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Paper Chase

The same systemic autoimmune disease provokes arthritis and endocarditis via distinct mechanisms.

Proc. Natl. Acad. Sci. U.S.A.. Sep 29, 2009;106(39):16758-63.
Binstadt BA, Hebert JL, Ortiz-Lopez A, Bronson R, Benoist C, Mathis D.

Section on Immunology and Immunogenetics, Joslin Diabetes Center, Harvard Medical School, Boston, MA 02215, USA. binstadt@umn.edu

Abstract:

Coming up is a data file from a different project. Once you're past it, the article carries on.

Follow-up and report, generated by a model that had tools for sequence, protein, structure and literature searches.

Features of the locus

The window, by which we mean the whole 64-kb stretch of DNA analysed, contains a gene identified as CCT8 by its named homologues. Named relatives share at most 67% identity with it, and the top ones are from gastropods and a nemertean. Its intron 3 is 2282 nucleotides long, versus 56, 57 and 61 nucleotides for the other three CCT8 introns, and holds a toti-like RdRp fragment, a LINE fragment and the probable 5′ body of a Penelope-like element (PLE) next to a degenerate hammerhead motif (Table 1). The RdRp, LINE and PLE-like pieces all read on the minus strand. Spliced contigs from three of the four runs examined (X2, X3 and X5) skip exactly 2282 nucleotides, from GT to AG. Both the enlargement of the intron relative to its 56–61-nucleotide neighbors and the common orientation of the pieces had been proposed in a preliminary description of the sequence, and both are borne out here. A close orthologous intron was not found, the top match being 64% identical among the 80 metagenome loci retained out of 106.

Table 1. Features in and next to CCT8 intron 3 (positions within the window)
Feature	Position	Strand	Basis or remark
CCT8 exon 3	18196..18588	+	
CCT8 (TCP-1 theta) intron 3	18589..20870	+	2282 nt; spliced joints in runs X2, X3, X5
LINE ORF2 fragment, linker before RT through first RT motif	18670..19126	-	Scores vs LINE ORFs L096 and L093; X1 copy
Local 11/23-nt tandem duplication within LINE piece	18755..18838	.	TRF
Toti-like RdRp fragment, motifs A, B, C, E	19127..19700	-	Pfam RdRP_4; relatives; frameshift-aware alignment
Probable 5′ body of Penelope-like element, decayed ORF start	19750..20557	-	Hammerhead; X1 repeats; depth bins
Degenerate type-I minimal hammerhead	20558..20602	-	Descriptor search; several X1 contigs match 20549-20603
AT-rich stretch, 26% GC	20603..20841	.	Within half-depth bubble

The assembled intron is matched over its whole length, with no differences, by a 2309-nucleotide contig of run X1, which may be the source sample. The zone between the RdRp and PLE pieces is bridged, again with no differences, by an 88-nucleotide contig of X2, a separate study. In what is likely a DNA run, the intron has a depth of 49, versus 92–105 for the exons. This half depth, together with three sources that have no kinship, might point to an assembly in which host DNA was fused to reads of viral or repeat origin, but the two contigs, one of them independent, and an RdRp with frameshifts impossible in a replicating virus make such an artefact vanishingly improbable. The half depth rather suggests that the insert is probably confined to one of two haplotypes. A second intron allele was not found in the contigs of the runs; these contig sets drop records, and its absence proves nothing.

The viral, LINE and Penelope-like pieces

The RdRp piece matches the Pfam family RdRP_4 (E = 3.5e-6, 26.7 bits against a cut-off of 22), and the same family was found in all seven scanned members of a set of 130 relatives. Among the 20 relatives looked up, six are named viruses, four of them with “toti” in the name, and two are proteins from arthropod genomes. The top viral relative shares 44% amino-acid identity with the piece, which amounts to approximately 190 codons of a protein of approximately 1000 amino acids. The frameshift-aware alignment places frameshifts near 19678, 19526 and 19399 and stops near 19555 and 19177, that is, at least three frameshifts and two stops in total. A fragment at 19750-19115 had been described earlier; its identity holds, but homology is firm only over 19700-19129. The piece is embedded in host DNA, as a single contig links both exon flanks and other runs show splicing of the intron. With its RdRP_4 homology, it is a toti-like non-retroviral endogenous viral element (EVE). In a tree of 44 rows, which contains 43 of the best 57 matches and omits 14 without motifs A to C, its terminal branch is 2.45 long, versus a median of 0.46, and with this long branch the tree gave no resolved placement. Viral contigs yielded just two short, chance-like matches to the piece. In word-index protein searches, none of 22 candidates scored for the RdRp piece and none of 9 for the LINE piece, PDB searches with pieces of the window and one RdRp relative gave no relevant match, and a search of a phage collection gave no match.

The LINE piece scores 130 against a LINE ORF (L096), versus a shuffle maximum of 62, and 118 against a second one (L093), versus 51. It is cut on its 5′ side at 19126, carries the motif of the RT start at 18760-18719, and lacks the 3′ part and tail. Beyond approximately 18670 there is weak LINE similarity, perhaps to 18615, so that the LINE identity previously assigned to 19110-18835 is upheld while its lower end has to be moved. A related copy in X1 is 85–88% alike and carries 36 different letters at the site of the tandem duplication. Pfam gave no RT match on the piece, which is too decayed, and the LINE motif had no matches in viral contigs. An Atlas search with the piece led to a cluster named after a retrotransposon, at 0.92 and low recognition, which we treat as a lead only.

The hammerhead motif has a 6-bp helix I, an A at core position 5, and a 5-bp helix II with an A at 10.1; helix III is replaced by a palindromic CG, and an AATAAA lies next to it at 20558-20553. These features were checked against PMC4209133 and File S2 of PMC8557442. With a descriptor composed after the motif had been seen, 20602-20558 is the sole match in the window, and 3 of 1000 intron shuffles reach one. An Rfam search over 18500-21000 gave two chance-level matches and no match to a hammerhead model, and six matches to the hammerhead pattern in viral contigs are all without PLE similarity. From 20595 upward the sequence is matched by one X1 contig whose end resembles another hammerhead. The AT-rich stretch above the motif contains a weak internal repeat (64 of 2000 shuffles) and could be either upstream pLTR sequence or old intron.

The immune mechanisms that provoke concomitant inflammation of synovial joints and cardiac valves in disorders such as rheumatic fever and systemic lupus erythematosus remain poorly defined. Here, we report the discovery of spontaneous endocarditis-in addition to their well-studied autoimmune arthritis-in K/BxN T cell receptor (TCR) transgenic mice. The same adaptive immune system elements were required for initiation of arthritis and endocarditis, and both diseases were dependent on autoantibodies. In contrast, the participation of key innate immune system molecules and perhaps T cells as effectors of inflammation differed between the 2 target tissues. Arthritis in K/BxN TCR transgenic mice depended primarily on complement C5 and not FcRgamma-using receptors; conversely, endocarditis depended essentially on FcRgamma receptors and not C5. Elucidating how a single systemic autoimmune disease engages distinct immune effector pathways to damage different target tissues is essential for optimizing the treatment of such disorders.